Populist surge continues in Europe: Was Pope Francis a big loser in these complex results?

After elections gave right-wing populists sweeping victories in the Catholic nations of Italy, Poland and France in the European elections, it seemed clear that the biggest loser wasn’t the political left or moderate political parties.

The side that suffered the biggest defeat was Pope Francis.

In Italy, The League party snagged 33 percent of the vote, a remarkable achievement given the country’s fragmented political system. The pro-European Democratic Party could only muster 22 percent of the vote, while the left-wing populist Five Star Movement finished third at 18 percent. The League victory highlighted the divisions within Roman Catholicism. Party leader Matteo Salvini — known for his nationalistic and anti-immigration rhetoric — didn’t shy away from his faith. On the contrary, he used church symbols to win seats.

It isn’t the first time in European history that the Catholic church, and the papacy, has been viewed with disdain. Over the past few years, the political populism that has enveloped Europe has sought to blame much of its social and economic misfortune on elites. While many of these elites traditionally hail from the political left, the doctrinal left — and with it the current Vatican hierarchy headed by Pope Francis — has also become a target in recent elections.

The election results capped off a bad week for the pontiff. While having to deal with populism undercutting Catholic social teaching, Pope Francis denied he knew about former Cardinal Theodore McCarrick’s history of sexual misconduct with seminarians in an interview with Mexican TV network Televisa. The scandal has plagued the papacy since last summer.

The European election, contested every five years, firmly places populism among the continent’s most powerful political forces. Never shy about brandishing a rosary or invoking God’s help, Salvini has provided Italians with an alternative to the pro-migrant stance and the church’s traditional social teachings put forth by the pope.

“I thank the man up there — with no exploitations,” Salvini told reporters, while kissing a rosary he was clutching in his hand, as results came in on May 26.

The 751-seat European Parliament, headquartered in Brussels, represents the second-largest democratic electorate in the world (following India’s parliament). The outcome of the recent election ignited a series of insults from both sides and only intensified the divisions among Catholics on the continent. Salvini called the results a win for law and order. His opponents called it a “Black Wave,” a reference to Benito Mussolini and fascism that took over Italy — and later most of Europe — in the 1930s.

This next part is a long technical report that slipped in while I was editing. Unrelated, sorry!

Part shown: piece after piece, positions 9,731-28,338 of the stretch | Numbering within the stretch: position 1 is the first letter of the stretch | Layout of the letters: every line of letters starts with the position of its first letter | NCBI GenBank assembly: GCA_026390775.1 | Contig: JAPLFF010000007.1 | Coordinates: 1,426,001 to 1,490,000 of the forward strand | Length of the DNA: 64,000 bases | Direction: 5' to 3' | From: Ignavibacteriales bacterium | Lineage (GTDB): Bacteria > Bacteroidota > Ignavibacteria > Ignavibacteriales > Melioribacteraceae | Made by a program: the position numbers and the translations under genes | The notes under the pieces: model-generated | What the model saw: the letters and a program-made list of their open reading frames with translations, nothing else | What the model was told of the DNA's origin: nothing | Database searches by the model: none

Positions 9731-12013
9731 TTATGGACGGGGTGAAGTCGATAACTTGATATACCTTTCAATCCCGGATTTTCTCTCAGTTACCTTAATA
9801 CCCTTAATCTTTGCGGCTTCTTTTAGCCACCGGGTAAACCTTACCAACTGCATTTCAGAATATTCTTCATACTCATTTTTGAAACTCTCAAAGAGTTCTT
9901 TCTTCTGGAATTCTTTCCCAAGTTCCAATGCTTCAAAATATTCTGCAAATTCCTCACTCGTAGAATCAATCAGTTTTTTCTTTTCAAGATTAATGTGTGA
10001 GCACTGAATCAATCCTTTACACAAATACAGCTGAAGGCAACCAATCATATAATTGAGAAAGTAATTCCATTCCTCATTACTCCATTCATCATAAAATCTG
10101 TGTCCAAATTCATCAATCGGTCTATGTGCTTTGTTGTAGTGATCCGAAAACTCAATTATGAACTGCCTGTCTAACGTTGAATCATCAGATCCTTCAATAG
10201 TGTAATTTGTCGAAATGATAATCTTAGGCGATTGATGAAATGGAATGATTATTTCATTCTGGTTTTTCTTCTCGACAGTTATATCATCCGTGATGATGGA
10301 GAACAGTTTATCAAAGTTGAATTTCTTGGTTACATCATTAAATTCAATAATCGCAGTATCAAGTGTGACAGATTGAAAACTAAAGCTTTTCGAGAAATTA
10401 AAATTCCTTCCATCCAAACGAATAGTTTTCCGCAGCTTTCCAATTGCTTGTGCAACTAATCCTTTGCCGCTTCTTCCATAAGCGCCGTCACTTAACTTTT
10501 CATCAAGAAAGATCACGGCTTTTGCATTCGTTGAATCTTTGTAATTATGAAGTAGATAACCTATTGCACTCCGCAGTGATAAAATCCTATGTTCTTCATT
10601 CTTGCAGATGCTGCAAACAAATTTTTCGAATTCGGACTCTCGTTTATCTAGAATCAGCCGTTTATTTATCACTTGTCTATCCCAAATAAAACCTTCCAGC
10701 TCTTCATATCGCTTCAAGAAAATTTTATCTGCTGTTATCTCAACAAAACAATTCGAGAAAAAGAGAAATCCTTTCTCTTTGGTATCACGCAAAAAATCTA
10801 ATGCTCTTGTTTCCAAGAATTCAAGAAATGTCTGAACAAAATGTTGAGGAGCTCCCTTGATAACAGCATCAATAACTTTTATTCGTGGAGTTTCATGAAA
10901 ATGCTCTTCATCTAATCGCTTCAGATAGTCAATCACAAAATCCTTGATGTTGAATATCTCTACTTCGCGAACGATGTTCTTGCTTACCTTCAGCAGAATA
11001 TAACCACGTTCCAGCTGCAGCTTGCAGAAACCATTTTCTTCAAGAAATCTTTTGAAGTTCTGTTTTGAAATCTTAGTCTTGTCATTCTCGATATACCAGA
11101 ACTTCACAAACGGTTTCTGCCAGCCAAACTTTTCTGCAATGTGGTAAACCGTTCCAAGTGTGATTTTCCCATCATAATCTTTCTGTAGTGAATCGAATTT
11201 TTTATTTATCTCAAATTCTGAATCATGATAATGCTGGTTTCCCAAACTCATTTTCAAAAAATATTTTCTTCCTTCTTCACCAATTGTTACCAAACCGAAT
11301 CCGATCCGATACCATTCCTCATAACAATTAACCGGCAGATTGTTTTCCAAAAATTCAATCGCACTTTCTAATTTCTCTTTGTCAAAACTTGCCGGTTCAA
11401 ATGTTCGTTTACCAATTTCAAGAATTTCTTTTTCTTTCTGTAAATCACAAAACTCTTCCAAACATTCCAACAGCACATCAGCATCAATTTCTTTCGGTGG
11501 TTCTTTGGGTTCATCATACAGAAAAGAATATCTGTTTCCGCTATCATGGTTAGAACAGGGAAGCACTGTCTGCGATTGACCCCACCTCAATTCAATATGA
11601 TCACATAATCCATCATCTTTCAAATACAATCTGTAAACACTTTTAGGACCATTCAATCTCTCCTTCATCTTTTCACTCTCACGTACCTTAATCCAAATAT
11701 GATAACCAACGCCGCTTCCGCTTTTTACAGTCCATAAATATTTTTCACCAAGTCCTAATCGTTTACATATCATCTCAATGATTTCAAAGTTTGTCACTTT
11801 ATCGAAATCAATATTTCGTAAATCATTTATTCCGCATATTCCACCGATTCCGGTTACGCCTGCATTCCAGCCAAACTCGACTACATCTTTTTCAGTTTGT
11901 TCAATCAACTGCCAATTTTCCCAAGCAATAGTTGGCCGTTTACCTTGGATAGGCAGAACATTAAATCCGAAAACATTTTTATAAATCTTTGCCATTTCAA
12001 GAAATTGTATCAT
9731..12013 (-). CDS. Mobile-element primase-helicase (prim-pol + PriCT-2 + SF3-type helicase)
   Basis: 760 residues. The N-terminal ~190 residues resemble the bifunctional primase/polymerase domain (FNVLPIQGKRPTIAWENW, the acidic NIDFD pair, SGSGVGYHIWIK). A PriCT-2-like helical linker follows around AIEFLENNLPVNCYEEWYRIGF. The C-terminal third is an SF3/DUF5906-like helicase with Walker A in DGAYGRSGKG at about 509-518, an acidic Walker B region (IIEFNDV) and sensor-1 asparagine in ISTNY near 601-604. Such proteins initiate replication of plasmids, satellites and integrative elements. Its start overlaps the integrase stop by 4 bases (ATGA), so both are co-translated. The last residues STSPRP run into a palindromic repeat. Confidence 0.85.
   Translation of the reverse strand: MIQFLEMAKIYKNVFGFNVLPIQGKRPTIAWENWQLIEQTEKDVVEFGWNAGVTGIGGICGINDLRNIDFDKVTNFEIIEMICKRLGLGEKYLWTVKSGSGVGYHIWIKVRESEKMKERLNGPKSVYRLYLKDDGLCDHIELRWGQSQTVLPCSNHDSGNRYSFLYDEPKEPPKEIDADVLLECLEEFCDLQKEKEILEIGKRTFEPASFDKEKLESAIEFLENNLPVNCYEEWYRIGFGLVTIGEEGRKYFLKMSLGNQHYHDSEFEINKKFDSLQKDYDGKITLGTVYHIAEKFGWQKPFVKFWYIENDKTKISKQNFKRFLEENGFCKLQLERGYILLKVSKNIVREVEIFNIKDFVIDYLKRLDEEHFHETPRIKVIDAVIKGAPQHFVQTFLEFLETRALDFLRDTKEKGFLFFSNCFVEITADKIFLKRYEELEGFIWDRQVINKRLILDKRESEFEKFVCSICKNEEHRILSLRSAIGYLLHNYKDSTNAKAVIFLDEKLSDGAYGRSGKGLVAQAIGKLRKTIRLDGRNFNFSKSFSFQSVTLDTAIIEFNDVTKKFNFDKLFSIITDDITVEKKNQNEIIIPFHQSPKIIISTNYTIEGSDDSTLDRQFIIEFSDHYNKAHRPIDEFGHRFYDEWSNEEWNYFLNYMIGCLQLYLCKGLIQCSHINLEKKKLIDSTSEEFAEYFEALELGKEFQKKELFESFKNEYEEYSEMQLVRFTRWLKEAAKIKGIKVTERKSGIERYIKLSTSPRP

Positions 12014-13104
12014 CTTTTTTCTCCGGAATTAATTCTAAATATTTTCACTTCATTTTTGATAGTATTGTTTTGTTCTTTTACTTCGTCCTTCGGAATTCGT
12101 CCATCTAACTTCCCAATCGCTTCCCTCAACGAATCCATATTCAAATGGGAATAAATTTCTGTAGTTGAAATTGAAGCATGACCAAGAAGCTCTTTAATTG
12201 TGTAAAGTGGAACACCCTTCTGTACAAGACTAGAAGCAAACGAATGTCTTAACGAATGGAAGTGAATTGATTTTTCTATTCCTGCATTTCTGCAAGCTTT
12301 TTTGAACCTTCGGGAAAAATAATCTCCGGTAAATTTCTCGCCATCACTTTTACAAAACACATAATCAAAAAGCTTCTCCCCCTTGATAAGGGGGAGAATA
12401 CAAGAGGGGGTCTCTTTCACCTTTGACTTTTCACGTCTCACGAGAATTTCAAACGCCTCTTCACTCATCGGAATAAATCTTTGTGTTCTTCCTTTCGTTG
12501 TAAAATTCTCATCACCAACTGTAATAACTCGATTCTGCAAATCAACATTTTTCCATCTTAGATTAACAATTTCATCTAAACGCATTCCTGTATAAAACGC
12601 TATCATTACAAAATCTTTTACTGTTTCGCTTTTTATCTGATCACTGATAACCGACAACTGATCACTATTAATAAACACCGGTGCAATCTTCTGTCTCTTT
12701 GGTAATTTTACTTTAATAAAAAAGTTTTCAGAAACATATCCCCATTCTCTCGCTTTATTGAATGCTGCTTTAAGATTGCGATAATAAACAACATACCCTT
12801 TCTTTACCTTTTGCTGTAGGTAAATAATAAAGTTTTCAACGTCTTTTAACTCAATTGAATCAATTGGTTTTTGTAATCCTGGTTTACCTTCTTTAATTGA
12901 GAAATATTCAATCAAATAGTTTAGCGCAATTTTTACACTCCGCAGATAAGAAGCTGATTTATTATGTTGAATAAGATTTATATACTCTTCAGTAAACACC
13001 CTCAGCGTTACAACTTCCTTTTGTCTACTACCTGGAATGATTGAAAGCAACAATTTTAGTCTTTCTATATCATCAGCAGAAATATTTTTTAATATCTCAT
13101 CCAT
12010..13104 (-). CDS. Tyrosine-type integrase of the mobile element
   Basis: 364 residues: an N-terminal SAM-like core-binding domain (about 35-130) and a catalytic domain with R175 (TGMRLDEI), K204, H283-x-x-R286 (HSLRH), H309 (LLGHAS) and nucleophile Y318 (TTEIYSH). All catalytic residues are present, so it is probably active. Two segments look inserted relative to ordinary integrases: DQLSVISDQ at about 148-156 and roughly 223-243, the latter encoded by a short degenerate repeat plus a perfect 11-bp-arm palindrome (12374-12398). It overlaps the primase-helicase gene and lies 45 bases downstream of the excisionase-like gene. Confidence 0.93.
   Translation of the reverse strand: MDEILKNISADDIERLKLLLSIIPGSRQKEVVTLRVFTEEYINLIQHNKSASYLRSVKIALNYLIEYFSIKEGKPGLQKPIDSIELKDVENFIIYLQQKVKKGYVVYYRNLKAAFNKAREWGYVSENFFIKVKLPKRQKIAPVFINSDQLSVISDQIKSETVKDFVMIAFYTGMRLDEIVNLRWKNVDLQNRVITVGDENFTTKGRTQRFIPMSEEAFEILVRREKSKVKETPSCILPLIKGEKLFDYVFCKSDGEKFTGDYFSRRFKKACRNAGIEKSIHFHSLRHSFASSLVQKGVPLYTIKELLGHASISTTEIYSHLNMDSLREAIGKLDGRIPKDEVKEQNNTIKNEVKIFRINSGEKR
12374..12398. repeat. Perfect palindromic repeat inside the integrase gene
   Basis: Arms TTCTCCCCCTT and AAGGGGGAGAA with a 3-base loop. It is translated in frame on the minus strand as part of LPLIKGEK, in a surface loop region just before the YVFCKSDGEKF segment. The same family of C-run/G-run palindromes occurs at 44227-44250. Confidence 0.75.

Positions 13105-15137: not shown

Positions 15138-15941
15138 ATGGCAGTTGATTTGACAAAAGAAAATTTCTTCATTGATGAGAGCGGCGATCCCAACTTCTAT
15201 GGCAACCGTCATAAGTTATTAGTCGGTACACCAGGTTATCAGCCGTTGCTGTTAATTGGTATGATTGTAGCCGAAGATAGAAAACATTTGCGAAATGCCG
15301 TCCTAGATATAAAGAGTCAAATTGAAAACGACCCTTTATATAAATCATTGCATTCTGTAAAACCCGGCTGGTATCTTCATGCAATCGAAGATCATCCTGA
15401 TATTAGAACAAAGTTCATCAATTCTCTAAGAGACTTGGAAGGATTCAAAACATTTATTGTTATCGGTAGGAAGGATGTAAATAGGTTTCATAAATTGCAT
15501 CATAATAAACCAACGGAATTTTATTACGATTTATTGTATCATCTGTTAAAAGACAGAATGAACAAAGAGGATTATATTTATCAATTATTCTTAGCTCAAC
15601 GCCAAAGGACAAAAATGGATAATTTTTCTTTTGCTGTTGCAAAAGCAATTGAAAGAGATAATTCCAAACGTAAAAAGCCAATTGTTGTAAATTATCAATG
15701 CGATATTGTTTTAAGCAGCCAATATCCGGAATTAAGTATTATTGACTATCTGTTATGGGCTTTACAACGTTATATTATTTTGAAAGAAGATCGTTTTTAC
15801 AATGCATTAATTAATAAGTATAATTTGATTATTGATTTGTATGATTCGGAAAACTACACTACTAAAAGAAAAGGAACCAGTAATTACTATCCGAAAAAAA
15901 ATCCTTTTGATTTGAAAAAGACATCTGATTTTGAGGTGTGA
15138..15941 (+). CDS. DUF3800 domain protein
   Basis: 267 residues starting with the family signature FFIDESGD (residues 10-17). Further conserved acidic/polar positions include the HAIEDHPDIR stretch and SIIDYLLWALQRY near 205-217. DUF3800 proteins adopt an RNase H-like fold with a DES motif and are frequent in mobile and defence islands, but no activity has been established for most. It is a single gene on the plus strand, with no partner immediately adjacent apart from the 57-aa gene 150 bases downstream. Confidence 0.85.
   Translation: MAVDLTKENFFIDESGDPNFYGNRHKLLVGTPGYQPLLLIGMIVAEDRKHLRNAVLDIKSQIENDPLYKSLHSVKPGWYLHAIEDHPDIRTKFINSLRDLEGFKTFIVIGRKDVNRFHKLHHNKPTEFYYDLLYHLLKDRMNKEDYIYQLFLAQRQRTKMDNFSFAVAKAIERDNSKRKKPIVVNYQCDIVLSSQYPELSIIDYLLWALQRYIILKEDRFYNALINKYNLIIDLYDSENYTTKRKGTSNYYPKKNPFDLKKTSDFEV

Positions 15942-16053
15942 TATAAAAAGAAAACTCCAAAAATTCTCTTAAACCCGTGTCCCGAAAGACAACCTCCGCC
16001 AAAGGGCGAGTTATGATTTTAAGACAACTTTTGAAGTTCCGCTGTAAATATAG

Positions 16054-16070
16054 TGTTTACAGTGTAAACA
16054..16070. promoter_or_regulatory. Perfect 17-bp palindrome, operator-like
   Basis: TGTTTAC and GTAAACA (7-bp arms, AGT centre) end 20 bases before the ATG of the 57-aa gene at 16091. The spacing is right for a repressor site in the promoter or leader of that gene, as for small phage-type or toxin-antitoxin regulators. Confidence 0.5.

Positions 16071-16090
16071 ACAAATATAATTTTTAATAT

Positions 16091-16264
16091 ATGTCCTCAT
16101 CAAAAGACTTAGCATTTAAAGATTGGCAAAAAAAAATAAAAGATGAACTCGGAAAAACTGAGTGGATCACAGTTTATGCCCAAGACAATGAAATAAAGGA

Catholic social teaching, in part, calls for putting the needs of the poor and vulnerable first. This new brand of political populism, however, appeals to citizens who feel that their concerns have been ignored by the establishment.

In a tweet, Jesuit theologian Bartolomeo Sorge said of Italy’s current political situation: “Italy belong to the League, no longer is it a Christian nation. Those who support The League say, ‘Italians first,’ the Christian says, ‘Those who are abandoned first.’ All one needs to do is kiss Jesus in public. Judas did that.”

In response on his Facebook page, Salvini wrote: “Look at what this theologian wrote. All we need now is for someone to call for my excommunication [from the Catholic Church] … Onward with faith, respect and humility.”

Marco Politi, who has authored the book “The Loneliness of Francis,” told The Washington Post that Salvini is the first Italian post-World War II politician who has been “openly opposed to the social teaching of the pope.”

“Salvini has become in these last few years sort of an antipope,” he added. “In the last decades, he was never known as an especially engaged Catholic. But he has cleverly created an electoral bloc where there are believers and priests and even some undercover bishops.”

While there has been some recent talk of a Francis-Salvini meeting at the Vatican, Cardinal Gerhard Muller, former Prefect of the Congregation for the Doctrine of the Faith under former Pope Benedict XVI, said it is time for the Vatican — and many Italian bishops — to make peace with Italy’s deputy prime minister.

“In this moment, the church is engaged too much in politics and too little in faith,” he told the Italian daily Il Corriere della Sera in a recent interview. “A church authority cannot speak in such an amateur way about theological questions and especially it must not intrude in politics, when there is a democratically legitimized parliament and government as there is in Italy.”

In the run-up to the European elections, several Italian bishops scolded Salvini before for using a rosary or Bible as a prop during his speeches. Others have even opposed his anti-immigrant stances.

“It’s better to talk with Salvini, discuss, or correct him when necessary,” Muller said.

It is unusual that Francis and Salvini have never met, Muller admitted, given the pope’s penchant for meeting with almost anyone.

“It’s curious that the pope has received the most secularist people, and not Salvini,” he said. “He dialogues with the Venezuelan regime or with China which places millions of Christians in re-education camps, destroys churches, persecutes Christians… You must speak with everyone in a spirit of fraternity.”

Continue reading "Pope vs. populists: European election results highlight Catholic divisions," by Clemente Lisi.

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